|Motherboard chipset||Intel P67||Intel P67||Intel P67|
|CPU||4.6GHz Intel Core i7 2600K (overclocked)||4.7GHz Intel Core i7 2600K (overclocked)||4.6GHz Intel Core i5 2500K (overclocked)|
|Memory||16GB 1,333MHz DDR3 SDRAM||8GB 1,333MHz DDR3 SDRAM||8GB 1,333MHz DDR3 SDRAM|
|Graphics||(2) 1.5GB Nvidia GeForce GTX 580||1.5GB Nvidia Geforce GTX 580 (overclocked)||1.2GB Nvidia Geforce GTX 570|
|Hard drives||(2) 64GB solid state drives; 1TB 7,200rpm Western Digital||64GB Crucial SSD, 1TB 7,200rpm Western Digital||64GB Crucial SSD; 1TB 7,200rpm Samsung|
|Optical drive||Blu-ray burner||dual-layer DVD burner||dual-layer DVD burner|
|Operating system||Windows 7 Home Premium (64-bit)||Windows 7 Home Premium (64-bit)||Windows 7 Home Premium (64-bit)|
We don't normally compare $4,000-plus gaming desktops with those in the $2,000 to $2,500 range, but in the case of the Mach V, the comparison is appropriate because all three systems above use Intel's new CPUs, and all post similar application performance. The Falcon and Origin Genesis systems use a Core i7 2600K, the Maingear Vybe uses a Core i5 2500K. The primary difference between the Core i7 and Core i5 CPUs is the L3 cache allotment. The Core i5 has 6MB of L3 cache, the Core i7 has 8MB. That difference lets the Core i7 bite off larger chunks of data to process at once, but the day-to-day benefits don't show up in all usage scenarios, especially since both chips can hit roughly the same clock speeds, as evidenced by the 4.6GHz and 4.7GHz clock settings (all stable) in the system specs above.
It's in this CPU performance similarity that we have some questions about the Mach V's overall value. For a system that costs close to two and three times as much as these competing PCs, we'd like to see a bigger gap in its application performance. This similarity is partially because of the simple fact that Intel doesn't offer a higher-end chip than the Core i7 2600K at the moment. The high-end six-core Extreme variant of Sandy Bridge, dubbed Ivy Bridge, isn't due until the end of the year. Until then, luxury systems like the Mach V (as well as Maingear's Shift and other vendors' flagship desktops) can only rely on extreme overclocking to set them apart. We've heard reports of new Core i7 2600K chips hitting 5.0GHz and even higher with only off-the-shelf liquid cooling. While boutique vendors will need to seek out those chips that can support those speeds, we'd encourage them to put that work in to improve the perceived value of their most-expensive builds.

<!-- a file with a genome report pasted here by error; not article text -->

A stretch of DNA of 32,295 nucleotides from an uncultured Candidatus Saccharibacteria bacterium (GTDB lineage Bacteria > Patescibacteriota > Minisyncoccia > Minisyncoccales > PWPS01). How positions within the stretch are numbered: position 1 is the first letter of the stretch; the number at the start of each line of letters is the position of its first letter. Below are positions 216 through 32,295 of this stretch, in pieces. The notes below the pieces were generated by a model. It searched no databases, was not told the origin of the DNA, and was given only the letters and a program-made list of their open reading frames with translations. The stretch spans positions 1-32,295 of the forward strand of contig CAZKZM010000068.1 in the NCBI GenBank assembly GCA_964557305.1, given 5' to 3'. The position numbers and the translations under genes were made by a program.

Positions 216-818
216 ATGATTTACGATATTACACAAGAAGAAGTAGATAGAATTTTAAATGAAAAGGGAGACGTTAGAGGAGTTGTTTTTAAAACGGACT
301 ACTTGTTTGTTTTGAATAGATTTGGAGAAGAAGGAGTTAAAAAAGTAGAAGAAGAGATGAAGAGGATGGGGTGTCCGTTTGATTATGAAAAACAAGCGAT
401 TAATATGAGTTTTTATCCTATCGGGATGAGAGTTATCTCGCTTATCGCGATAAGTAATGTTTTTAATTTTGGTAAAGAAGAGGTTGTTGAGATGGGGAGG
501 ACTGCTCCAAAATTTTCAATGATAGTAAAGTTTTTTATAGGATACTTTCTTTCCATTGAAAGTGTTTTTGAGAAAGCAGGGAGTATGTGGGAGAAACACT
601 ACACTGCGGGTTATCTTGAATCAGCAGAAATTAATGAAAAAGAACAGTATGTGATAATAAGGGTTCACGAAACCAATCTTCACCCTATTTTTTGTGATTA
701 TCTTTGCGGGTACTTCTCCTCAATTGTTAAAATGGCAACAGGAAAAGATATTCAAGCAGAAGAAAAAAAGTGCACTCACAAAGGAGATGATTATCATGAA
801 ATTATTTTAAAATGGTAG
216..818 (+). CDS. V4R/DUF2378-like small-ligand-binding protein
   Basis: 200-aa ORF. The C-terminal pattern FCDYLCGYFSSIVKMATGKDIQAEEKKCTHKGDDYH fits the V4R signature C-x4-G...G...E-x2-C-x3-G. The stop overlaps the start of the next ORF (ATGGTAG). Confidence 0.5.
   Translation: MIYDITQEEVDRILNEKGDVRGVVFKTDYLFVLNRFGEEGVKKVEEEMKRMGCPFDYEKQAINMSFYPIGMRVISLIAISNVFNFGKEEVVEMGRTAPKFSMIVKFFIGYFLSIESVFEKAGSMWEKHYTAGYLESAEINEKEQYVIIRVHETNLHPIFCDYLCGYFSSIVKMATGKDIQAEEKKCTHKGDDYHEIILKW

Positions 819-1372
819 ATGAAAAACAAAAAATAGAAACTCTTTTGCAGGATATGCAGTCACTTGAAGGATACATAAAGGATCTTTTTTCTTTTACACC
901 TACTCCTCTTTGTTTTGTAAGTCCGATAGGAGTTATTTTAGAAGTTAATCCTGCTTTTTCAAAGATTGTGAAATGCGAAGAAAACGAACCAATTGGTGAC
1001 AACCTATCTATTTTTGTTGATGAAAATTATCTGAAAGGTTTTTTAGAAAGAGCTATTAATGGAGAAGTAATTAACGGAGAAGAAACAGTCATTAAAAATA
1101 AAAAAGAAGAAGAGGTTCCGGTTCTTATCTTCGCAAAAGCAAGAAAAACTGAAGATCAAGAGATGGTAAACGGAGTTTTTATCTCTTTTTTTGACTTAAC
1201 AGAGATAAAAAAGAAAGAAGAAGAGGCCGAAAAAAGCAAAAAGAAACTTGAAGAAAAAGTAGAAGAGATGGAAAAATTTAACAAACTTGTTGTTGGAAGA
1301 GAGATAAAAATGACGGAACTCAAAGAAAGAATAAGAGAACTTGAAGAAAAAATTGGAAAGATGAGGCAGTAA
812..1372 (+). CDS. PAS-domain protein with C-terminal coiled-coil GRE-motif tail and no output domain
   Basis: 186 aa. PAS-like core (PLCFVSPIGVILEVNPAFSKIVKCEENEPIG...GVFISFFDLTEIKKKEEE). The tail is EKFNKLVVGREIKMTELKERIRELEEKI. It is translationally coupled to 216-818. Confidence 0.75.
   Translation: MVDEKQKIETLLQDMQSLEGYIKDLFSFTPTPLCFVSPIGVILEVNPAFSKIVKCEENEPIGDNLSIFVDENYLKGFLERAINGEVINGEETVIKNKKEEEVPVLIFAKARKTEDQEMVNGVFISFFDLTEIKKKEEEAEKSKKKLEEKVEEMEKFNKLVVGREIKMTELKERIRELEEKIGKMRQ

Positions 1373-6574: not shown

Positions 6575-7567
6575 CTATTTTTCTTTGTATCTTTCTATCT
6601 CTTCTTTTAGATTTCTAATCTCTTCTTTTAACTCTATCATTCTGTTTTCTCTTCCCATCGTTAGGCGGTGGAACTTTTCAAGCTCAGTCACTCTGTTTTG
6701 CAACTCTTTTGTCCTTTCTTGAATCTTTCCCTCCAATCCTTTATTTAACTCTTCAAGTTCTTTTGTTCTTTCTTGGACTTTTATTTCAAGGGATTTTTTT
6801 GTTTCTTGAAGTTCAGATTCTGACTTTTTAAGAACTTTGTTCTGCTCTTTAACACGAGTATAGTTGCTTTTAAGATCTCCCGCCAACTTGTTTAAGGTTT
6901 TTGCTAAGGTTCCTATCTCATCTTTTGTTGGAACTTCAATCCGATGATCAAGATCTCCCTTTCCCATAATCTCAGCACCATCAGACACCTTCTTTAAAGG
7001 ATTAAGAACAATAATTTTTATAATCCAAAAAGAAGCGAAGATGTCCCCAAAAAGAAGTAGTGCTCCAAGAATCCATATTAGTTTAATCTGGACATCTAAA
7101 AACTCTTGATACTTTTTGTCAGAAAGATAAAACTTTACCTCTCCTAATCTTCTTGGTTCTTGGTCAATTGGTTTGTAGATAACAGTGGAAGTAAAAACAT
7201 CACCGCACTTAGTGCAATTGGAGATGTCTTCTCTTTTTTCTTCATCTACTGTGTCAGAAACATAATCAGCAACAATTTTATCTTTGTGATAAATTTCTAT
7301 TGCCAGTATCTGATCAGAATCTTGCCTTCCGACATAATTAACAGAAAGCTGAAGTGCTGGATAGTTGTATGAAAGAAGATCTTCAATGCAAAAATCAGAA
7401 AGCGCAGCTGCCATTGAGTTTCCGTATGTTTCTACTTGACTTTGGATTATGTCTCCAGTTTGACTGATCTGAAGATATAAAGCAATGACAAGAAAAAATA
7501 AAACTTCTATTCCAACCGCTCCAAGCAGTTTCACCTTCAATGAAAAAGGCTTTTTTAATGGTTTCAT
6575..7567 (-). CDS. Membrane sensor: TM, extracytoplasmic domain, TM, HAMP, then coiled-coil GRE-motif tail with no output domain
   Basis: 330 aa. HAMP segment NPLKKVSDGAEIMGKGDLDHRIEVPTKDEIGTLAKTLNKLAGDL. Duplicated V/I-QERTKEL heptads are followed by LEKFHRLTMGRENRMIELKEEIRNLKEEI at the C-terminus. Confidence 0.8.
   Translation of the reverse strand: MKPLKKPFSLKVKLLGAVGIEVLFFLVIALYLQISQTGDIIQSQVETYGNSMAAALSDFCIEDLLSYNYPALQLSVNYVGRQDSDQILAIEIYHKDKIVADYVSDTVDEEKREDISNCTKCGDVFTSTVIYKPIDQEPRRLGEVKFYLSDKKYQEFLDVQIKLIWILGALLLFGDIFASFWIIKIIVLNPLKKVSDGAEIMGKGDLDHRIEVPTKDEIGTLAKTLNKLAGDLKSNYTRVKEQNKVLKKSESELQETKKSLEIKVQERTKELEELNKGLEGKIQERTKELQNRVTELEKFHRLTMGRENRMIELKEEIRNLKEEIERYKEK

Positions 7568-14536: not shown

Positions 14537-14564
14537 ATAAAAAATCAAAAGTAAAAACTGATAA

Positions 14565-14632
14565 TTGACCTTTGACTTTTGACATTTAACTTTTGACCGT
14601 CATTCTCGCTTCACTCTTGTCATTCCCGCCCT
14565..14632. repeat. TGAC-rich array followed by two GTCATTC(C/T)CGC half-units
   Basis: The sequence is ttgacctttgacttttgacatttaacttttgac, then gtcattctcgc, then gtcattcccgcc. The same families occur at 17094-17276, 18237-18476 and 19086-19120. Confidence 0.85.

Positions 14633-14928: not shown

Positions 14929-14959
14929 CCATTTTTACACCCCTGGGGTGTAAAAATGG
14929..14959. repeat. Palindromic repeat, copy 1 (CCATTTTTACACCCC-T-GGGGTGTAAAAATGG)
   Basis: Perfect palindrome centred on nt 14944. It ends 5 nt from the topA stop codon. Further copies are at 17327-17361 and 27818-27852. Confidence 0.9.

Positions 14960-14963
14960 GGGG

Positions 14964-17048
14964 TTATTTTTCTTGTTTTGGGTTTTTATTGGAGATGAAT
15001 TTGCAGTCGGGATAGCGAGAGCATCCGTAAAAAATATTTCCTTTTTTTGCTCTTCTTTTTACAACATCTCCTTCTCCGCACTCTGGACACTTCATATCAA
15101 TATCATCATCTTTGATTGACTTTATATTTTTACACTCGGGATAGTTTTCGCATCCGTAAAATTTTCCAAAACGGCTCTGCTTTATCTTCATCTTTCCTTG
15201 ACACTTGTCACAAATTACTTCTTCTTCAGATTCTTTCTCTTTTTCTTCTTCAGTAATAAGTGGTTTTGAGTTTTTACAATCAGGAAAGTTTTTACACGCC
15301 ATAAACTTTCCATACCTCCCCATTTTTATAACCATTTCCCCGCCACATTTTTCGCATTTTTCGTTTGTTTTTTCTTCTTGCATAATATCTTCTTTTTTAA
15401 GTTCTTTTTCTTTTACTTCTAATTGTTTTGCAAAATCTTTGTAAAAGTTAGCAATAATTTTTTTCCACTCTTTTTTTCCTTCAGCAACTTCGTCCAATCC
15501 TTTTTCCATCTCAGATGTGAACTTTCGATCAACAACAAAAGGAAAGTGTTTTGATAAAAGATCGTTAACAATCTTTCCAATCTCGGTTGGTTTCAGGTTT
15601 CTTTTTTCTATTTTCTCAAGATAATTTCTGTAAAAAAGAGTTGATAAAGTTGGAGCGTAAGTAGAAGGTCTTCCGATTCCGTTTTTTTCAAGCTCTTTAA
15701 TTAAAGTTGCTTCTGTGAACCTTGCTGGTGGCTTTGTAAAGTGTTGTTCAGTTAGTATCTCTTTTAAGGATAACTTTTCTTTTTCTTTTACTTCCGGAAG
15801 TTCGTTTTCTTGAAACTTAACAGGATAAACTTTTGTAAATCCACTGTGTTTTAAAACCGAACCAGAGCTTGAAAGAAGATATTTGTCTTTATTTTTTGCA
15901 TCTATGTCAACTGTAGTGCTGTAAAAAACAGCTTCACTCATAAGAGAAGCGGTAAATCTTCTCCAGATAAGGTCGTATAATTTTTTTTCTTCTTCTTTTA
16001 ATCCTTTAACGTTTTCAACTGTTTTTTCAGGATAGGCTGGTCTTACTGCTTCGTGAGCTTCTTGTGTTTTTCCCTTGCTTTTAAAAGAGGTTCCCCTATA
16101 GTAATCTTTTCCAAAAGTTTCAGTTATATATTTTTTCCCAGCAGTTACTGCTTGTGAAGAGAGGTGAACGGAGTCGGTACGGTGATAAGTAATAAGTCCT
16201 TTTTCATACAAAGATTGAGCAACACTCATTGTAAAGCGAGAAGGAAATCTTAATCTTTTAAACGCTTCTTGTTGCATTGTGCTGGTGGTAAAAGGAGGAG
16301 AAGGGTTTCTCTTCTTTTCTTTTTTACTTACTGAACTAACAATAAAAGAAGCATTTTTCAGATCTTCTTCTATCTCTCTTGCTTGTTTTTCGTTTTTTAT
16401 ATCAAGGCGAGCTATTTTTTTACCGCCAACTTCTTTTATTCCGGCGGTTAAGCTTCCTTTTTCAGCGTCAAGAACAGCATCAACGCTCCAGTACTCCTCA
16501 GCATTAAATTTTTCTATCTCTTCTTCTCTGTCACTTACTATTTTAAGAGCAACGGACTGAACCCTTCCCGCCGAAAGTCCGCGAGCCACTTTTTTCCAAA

We say "perceived value" because Falcon Northwest does indeed offer a beefier computer than the other two systems listed above, it just doesn't come through in its application performance. Otherwise, it has more graphics horsepower than its competition in its pair of GeForce GTX 580 graphics cards, as well as two 64GB solid-state drives, and twice the system memory, and it's also the only system with a Blu-ray burner. Considering all those features, as well as the imposing case, Falcon Northwest can still make a strong argument that this system is worth the high price. We wish Falcon Northwest had been more aggressive in its overclocking, but it's also possible Falcon was playing conservatively for CPU stability. As Sandy Bridge and the supporting motherboards mature, we expect that vendors will have an easier time hitting 5.0GHz and higher clock speeds. We'd like to see that, especially in a system in this price range.
(Shorter bars indicate better performance)
(Shorter bars indicate better performance)
(Shorter bars indicate better performance)
(Longer bars indicate better performance)
|Rendering multiple CPUs||Rendering single CPU|
The Falcon Northwest Mach V remains one of the fastest PCs we've tested, 5.0GHz CPU or no, but it also comes in behind its competition on a few tests. The differences are minimal, and in practical terms you will find few computing tasks the Falcon Northwest Mach V can't handle. In this 4.6GHz clock speed range, in combination with the abundant system memory and the fast solid-state drive, you'll even notice a performance increase in basic computing tasks like opening folders and switching between applications. Would a 5.0GHz CPU make a significant difference? Probably not that much, but it would likely push the Mach V to a first-place finish on every application test, which we suspect would help those shopping for a $4,500-plus system feel better about that purchase.